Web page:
Debate such as this ought to have occurred long before Congress gave away its power to wage war way back in 2002, turning over its war powers to the executive branch — one that, as it turns out, has had difficulty reading intelligence reports. But that’s another story. Simply stated, the Democrats have been a bunch of pussies--until now.

Finally, at least some members of the party have demonstrated enough courage to voice what a majority of Americans have known from the beginning: The Bush administration, whether knowingly or unknowingly, misled the nation in its call to arms against Iraq.

It was an unnecessarily costly and fatal mistake that could easily have been avoided had Congress initially engaged in a lively debate on the merits of such a war. From the start, the war against Iraq had nothing to do with weapons of mass destruction, fighting terrorism, or spreading democracy. It had everything to do with an administration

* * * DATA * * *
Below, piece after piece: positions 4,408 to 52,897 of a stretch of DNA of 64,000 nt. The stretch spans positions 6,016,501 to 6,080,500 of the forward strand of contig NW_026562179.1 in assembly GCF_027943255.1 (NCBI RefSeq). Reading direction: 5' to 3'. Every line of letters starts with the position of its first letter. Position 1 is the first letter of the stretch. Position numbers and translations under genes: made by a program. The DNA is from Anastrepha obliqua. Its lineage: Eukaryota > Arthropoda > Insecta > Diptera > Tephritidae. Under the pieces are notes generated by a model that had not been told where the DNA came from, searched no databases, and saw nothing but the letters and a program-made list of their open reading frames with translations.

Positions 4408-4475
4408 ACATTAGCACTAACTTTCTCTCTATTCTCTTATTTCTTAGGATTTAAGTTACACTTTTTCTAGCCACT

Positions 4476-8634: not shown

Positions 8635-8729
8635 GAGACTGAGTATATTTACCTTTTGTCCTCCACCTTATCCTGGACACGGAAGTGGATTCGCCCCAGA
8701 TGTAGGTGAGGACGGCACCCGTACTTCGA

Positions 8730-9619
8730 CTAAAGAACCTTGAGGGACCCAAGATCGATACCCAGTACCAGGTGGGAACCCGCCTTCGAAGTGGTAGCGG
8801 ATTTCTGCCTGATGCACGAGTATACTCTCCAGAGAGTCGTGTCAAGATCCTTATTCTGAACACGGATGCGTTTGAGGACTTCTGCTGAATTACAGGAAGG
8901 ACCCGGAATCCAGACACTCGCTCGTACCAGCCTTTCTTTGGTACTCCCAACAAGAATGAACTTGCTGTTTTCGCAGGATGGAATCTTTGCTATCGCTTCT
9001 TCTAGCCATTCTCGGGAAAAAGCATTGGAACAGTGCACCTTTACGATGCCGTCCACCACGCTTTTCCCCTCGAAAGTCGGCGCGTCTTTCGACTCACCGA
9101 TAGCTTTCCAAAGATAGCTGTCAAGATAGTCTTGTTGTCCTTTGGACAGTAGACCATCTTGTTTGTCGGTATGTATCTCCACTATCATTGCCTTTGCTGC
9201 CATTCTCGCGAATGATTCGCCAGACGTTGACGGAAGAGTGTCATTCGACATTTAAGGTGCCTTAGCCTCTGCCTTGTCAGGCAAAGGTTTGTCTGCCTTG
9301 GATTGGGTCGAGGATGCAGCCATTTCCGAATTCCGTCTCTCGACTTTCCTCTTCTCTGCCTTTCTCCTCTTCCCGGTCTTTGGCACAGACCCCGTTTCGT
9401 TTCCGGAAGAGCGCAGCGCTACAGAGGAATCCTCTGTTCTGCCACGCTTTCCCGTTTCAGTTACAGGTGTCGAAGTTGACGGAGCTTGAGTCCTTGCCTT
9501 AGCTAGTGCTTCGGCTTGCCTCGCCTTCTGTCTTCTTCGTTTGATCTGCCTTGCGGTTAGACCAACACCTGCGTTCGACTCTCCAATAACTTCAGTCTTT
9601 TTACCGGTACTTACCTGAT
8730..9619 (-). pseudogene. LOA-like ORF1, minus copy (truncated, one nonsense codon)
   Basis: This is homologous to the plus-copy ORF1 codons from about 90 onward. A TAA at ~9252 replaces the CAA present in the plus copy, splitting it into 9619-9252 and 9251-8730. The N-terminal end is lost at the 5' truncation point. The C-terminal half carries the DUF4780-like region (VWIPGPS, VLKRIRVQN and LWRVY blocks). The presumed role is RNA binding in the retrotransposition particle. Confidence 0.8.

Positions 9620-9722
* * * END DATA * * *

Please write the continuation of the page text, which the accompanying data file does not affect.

run amok, and no one stood in the gap to oppose it.

The problem with the Democrats, and this whole country, in fact, is that in the shadow of 911 we gave up our capacity for wrangling over competing ideas, the basis of democratic governance. We didn’t challenge, for example, the faulty theses for staging a preemptive war that had little or no basis in fact.

The rationale for war was presented as a slam-dunk to the American people, and even to the United Nations, and nary a Democrat uttered a single protest.

And it’s not as though there weren’t any signals along the way, on the road to Baghdad, to warn us that this was going to be a terrible mistake. Any armchair analyst could have seen the case for war with Iraq was bogus from the start.